The project at West Murkle is the brainchild of Caithness Craft Art Skate Surf Ltd, who believe it can attract up to 25,000 users a year and bring an annual economic boost of around £120,000.
Highland councillors at the north planning applications committee have given the scheme, overlooking Thurso Bay, the go-ahead despite a number of objections, including from the community council.
Issues raised by protesters include road safety concerns on the two-kilometre route between Thurso and West Murkle.
There were also fears about children using the coastal path to the location, while many voiced concerns that the developers would not reach the projected visitor numbers.
However, councillors have backed the scheme, saying it would bring the former US Navy communications station back into use and provide an economic boost to the area.
Councillor Maxine Smith said: “This would attract visitors from outwith the area, not just those in Caithness.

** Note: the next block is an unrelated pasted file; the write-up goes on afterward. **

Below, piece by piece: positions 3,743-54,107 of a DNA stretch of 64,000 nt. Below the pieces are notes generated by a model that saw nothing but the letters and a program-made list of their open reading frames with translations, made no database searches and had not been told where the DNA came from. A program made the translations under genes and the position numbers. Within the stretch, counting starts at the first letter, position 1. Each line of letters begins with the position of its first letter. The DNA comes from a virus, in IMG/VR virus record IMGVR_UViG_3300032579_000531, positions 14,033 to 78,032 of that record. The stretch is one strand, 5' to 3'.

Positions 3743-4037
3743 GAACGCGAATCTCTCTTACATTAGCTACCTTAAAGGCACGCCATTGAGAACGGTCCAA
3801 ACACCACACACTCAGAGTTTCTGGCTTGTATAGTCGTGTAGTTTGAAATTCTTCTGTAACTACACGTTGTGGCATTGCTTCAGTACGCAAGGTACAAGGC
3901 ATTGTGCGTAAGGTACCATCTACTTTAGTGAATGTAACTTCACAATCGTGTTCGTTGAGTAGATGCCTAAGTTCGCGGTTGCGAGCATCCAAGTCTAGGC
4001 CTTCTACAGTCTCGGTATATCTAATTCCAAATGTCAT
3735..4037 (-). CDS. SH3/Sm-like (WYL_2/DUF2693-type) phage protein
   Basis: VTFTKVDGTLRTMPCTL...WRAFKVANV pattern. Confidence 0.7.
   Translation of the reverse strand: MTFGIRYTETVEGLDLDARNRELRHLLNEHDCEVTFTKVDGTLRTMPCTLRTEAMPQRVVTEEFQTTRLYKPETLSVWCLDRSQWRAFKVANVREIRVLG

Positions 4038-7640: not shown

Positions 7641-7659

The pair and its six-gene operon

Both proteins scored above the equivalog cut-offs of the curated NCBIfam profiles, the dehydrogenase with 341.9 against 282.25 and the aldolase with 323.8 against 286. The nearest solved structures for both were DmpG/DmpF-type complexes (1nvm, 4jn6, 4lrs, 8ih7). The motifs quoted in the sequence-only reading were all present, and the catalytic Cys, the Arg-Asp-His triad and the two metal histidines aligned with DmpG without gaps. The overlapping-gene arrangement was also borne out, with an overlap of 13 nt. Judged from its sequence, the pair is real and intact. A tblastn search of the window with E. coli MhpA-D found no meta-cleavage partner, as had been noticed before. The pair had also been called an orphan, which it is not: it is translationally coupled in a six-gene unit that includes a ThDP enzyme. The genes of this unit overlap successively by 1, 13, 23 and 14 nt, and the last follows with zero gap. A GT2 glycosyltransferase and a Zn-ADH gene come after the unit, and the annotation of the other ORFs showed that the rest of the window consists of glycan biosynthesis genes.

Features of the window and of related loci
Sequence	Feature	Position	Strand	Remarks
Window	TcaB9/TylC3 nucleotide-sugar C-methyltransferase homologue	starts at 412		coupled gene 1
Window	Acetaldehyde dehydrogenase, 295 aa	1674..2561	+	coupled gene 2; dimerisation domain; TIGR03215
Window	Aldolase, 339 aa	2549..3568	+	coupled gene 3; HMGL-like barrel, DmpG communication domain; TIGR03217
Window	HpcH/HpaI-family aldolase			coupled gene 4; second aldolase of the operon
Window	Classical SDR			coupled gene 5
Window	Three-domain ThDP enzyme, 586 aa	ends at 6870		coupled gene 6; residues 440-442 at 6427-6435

And colleague Angela MacLean added: “I think it a fantastic opportunity to have an indoor skatepark so they can use it all year round. It is a good opportunity also to create jobs.”
The former radio station in West Murkle was opened in 1963, during a period of major US military expansion in Europe and Scotland.
Its purpose was to provide the facilities for the relaying of command and control messages between US Naval Command and vessels at sea, notably in the north-east Atlantic and Norwegian Sea.
West Murkle had 12 masts and a communication system housed within a green ‘golf ball’ style radome.
During the peak times of their operation, West Murkle and a nearby station at Forss employed just over 200 on-site personnel. Both bases were closed in 1992.